Maybe you’re asking what the Brits do on Christmas Day, then.  Here is our family’s break-down:

  •  9am – Up prepping the Christmas Ham.  (Well, more like 9.20am.  What? I’m not good with alarms.)
  • 11am – Christmas Day Church Service where the kids are always asked to show what presents they’ve received.  The poor little chap behind us was whimpering for the last 10 minutes of the service.  And we found out that the earliest risers were at 3.30am.  Seriously, people?   I’d have a jolly old assault charge on my record against Old St. Nick if The Duchess ever tried to pull that.
  • 12pm – Back home to finish preparations for lunch.  That ham needed a lot of TLC.  Between the number of times I tenderly cared for it by turning it and poured the resting juices over it, you’d think it had paid for some kind of Christmas Ham Spa Day.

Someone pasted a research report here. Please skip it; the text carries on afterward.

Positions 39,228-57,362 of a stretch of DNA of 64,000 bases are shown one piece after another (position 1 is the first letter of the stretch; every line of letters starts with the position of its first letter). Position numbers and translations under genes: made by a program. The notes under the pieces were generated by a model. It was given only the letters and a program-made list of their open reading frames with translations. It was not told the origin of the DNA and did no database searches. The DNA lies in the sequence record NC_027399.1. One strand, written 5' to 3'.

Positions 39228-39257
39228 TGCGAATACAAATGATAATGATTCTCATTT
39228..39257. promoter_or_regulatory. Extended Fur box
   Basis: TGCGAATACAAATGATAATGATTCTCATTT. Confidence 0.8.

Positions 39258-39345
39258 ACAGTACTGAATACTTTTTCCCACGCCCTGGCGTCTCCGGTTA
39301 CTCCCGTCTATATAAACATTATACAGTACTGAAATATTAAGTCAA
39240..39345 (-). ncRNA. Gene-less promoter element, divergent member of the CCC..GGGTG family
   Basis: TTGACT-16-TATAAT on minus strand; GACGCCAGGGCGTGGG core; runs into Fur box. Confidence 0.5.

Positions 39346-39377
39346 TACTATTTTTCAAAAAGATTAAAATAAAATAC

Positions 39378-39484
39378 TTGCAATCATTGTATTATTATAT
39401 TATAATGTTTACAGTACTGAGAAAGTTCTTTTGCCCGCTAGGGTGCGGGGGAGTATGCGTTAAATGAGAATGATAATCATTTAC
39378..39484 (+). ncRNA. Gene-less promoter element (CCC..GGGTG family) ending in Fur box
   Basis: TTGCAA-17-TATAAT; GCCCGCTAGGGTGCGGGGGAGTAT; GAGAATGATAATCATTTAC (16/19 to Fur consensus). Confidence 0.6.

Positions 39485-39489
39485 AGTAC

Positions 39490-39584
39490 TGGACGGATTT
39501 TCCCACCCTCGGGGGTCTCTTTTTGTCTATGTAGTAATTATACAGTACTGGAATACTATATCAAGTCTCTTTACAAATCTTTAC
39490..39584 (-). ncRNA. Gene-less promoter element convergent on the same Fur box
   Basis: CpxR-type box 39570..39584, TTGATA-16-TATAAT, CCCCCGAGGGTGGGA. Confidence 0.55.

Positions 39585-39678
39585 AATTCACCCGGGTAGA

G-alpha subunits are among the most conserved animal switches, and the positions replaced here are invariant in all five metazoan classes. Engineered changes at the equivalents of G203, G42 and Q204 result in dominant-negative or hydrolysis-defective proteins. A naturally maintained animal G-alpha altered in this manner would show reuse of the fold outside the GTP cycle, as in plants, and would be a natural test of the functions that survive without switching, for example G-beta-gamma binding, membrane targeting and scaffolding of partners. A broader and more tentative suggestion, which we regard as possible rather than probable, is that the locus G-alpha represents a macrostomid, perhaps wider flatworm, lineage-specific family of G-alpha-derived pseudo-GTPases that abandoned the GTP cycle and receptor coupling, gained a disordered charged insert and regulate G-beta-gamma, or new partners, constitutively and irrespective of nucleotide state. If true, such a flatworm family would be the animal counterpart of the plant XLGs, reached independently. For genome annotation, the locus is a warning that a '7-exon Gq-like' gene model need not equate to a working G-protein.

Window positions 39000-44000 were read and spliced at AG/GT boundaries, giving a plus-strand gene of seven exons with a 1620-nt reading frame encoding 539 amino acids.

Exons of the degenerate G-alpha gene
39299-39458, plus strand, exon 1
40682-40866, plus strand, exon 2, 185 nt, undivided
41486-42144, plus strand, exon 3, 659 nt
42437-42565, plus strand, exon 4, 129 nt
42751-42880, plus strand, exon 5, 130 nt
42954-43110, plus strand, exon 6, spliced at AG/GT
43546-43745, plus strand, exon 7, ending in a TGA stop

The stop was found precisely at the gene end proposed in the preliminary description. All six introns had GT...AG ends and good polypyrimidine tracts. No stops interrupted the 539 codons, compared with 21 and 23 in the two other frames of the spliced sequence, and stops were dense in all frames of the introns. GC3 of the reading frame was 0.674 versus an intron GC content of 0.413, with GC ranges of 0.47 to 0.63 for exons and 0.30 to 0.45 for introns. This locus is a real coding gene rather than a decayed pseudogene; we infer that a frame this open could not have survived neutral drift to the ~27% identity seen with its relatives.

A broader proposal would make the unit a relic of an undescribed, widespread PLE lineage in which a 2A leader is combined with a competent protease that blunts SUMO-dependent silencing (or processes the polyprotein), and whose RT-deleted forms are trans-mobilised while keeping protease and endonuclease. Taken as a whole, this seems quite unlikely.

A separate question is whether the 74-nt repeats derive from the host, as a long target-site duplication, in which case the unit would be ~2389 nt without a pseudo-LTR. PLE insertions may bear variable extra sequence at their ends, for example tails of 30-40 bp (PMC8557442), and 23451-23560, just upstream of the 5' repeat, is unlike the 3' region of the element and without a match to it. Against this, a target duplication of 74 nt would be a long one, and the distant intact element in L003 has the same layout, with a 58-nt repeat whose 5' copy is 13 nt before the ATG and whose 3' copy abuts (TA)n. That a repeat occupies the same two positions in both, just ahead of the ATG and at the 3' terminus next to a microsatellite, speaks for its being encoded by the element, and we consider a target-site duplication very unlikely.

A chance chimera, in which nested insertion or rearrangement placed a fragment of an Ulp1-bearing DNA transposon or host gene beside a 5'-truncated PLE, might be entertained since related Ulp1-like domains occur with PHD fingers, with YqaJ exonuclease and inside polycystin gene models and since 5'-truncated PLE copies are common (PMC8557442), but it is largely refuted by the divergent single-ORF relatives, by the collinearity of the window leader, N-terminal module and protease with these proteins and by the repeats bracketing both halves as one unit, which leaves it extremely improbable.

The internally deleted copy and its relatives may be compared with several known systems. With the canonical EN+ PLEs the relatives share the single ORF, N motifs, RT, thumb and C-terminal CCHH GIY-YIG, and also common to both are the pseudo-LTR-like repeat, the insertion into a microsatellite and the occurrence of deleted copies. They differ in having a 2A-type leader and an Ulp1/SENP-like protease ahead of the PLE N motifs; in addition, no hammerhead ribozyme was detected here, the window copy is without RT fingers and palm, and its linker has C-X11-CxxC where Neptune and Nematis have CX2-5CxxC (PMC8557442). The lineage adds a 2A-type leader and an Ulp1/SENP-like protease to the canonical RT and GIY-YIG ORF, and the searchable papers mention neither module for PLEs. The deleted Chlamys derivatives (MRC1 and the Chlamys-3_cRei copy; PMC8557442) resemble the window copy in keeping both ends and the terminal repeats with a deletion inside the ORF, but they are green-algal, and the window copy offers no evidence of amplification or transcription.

• 1.15pm – The Duchess is passed out in the front room (that’s my girl!) and we go in to wake her so we can open presents.
  • 2pm – Finally, eating our buffet style family lunch.
  • 3pm – Watch the Queen’s Christmas Day Speech Skype with family in America.
  • 4pm – Head to in-laws for present opening and Christmas dinner.  We had goose for the second year running.  How English!
  • 8.30pm –The Duchess sleeps for the 10 minute car journey, wakes up and then thinks it’s time to play.  I honestly had no idea that at 6 months old a person could get that hyper.  I’m telling you people, that child was wound up.
  • 10.15pm –She finally settles down and The Native and I watch a traditional Christmas Day film.  Super 8, in this case.  Two very enthusiastic thumbs up.

    Happy Christmas, Liz! photo via:

    It was a day sprinkled with new traditions that will make up our life as a family.  Yesterday was the Christmas that will define us as a family in the years to come.  It will be the Christmas that The Duchess will reminisce about when she grows up.

    How do you celebrate?


5 thoughts on “Christmas Tradition

  1. Deborah